I burst into tears as I walked into Goro’s little bedroom. The walls that Father and I had spent a whole day painting baby blue were now a faded grey. The toy chest that was bright and well worn had vanished. A few toys remained in a small basket next to his empty, splintering crib, the only reminder of my loving little brother. I fell to my knees and put my face in my hands. I remember when I pulled Goro around the house in that basket. I would grab his chubby hands, he would laugh, and I would smile. I reached up to stroke his crib; I saw him flicker there for just a moment. I reached out to grab him, but he slipped through my hands, a mirage. I shut my eyes. His crib will remain empty forever.
November 26, 1945
We were so fortunate that our house didn’t become government property. Our neighbors somehow prevented it from happening. Our house is the only memory of what we have left. Everything is gone. Vanished. Whether Louie died, was saved, or ran away, it is up to imagination. I remember scampering around with Louie in the backyard, climbing up trees just to tease him. I close my eyes and still feel the sharp bark scraping my legs. In my mind, I hear Louie’s paws scratching on the carpet in the kitchen and his gentle whimper as he begs for scraps. The house’s barren, skeletal walls remind me of what this vacant space used to be.
November 29, 1945
Our neighbors seem happy to have us back. But something about them looks so changed, so empty, the way that Takeo’s eyes used to look just a week ago.
December 17, 1945
Mother was able to get her job back teaching at my elementary school. We are so fortunate to have an income. We sleep in potato sacks on the floor of our rooms since the furniture was taken. The rest of our family hasn’t been so lucky. Most of them have been banished from any occupation.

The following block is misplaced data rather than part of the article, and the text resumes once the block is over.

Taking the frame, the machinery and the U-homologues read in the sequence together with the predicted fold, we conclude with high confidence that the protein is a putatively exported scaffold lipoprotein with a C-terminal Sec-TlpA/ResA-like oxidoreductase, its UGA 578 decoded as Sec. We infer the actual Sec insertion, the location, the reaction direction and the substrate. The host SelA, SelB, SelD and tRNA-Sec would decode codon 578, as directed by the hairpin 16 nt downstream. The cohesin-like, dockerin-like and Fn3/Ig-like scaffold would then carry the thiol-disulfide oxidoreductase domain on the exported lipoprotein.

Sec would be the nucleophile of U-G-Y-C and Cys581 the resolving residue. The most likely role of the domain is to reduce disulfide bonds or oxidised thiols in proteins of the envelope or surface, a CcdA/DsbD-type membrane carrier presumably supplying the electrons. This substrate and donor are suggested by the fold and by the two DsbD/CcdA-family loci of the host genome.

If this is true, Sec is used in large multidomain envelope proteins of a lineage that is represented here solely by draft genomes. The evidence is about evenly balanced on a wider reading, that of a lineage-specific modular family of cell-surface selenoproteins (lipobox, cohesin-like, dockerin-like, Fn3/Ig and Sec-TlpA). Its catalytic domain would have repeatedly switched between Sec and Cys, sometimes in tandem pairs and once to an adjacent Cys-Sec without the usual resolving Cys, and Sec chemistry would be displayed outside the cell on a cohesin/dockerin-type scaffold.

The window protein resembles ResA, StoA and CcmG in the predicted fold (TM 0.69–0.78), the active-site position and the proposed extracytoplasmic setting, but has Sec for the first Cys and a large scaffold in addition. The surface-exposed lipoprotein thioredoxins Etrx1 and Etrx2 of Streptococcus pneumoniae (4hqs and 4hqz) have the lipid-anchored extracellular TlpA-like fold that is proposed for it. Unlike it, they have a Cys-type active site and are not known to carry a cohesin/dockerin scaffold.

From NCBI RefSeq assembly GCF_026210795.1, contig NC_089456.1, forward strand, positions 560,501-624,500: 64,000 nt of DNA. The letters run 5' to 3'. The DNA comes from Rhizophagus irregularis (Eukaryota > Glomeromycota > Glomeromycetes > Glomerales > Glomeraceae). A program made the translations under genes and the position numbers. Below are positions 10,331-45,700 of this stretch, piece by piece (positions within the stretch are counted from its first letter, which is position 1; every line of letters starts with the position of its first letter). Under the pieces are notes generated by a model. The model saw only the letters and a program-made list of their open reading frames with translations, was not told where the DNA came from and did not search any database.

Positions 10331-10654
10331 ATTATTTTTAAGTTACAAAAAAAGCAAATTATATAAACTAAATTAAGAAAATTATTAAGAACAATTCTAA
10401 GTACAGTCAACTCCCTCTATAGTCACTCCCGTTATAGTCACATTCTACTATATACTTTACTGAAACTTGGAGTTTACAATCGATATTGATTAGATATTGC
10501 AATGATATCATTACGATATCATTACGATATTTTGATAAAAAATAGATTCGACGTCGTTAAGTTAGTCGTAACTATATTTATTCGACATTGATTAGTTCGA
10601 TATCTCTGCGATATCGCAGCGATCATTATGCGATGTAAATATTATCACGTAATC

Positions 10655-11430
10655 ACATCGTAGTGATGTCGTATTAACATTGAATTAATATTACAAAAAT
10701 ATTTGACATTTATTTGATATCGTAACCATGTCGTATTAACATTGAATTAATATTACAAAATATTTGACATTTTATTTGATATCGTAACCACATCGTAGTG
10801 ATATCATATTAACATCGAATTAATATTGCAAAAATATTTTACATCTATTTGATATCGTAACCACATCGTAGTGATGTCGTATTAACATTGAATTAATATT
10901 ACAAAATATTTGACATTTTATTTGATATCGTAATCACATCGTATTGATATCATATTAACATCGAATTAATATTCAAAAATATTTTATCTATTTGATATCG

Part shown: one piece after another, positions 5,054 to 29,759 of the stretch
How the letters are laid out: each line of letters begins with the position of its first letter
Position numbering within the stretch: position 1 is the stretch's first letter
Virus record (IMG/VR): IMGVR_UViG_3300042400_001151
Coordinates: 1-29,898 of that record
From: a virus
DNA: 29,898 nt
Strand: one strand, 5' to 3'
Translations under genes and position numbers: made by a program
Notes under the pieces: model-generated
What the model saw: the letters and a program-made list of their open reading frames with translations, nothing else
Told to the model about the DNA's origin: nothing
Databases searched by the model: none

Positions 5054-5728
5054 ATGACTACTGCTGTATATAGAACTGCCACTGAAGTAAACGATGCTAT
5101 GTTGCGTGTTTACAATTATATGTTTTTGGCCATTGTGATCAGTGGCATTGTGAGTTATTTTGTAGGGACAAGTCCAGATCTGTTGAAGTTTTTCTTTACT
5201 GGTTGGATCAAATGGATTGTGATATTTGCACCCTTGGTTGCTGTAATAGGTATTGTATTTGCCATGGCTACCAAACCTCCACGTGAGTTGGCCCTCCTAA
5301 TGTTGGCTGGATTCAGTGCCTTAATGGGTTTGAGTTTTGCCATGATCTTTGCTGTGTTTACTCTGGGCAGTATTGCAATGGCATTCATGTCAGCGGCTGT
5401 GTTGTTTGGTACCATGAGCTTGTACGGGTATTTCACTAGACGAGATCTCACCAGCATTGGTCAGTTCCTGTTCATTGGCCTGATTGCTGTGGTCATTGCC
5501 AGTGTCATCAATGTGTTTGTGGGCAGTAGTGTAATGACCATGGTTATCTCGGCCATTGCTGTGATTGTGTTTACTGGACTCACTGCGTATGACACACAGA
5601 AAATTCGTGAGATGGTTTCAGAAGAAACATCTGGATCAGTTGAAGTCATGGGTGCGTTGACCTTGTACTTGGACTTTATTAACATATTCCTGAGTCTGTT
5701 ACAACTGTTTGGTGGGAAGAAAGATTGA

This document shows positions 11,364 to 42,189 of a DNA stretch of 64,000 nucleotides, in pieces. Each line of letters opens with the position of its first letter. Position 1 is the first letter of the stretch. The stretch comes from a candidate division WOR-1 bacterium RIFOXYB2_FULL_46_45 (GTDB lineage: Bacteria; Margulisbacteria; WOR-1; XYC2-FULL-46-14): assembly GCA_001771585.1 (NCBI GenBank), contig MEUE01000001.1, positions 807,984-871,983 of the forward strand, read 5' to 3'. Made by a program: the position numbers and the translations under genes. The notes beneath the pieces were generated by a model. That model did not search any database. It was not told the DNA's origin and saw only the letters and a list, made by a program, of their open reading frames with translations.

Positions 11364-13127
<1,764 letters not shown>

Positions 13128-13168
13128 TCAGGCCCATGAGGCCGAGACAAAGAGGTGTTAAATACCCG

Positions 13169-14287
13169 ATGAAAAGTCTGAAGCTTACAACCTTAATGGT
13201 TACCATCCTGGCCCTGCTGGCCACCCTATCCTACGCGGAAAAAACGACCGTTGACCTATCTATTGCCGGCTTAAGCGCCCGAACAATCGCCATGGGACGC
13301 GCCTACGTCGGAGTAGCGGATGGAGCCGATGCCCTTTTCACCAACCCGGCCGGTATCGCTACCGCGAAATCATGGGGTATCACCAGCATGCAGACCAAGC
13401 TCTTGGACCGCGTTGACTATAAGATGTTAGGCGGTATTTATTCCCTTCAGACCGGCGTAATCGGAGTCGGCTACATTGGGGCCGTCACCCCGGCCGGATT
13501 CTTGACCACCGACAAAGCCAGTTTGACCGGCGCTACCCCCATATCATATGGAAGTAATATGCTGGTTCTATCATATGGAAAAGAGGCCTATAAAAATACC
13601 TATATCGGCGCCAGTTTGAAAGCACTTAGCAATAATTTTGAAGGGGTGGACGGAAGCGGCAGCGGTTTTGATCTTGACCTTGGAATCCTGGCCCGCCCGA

January 1, 1946
I was cooking with Mother in the kitchen today. The last time I cooked here was five years ago. So much has changed, even in a room as simple as our kitchen. Before the war, I would watch Mother make soba with vegetables and beef galore, I would play with Louie and Goro on the floor, and we would beg Mother for extra scraps of food. A tear rolled down my cheek into the limp carrots boiling in the dented stove pot. I could hear the single drop of water fall in the large bowl. Silence is not always a virtue.
January 7, 1946
Takeo and Father are desperate to find work somewhere, anywhere.
February 21, 1946
Today was a day of celebration in our household, one of the happiest days since we arrived back home. Both Father and Takeo got jobs at the Post Office today. I pray that soon we will have furniture again.
The kids in our neighborhood who aren’t Japanese are so lucky. They never went to camps; they have completely normal lives. While we were suffering, they were living lives of luxury and joy. They had plenty of food every day, while we lived on boiled wieners and burnt bread. The war barely affected them as far as I’m concerned. I come home to a potato sack, while they come home to warm beds.
February 24, 1946
Today, as I prepared for school, I saw a boy who looked so familiar leaning against the school house. Ren? We ran towards each other, like a Hollywood film cliché. We held in a long embrace. It was nice to put a face to the letters I had been receiving for the past two years. He walked me home that day. The security of seeing my only friend before the war was more than I could ever ask for.
February 28, 1946
I sat on my floor doing my daily homework assignments, staring at the deep darkness of the night sky from my small window. A sliver of moonlight peeked in through the uncovered glass.
I heard beautiful music from the other side of my bedroom’s thin wall. Mother must have turned the record player on. As I strained my ears further, I recognized the music as Takeo’s voice. Tears of joy sprung from my eyes. It must have been five years since I heard him sing. The memories of Father’s gruff voice telling him off and Goro’s chubby hands clapping for him flooded my memory. A smile broke on my face. Hope had returned to my household. Comforting joy and warmth enveloped me, and I let the soft music lull me to sleep.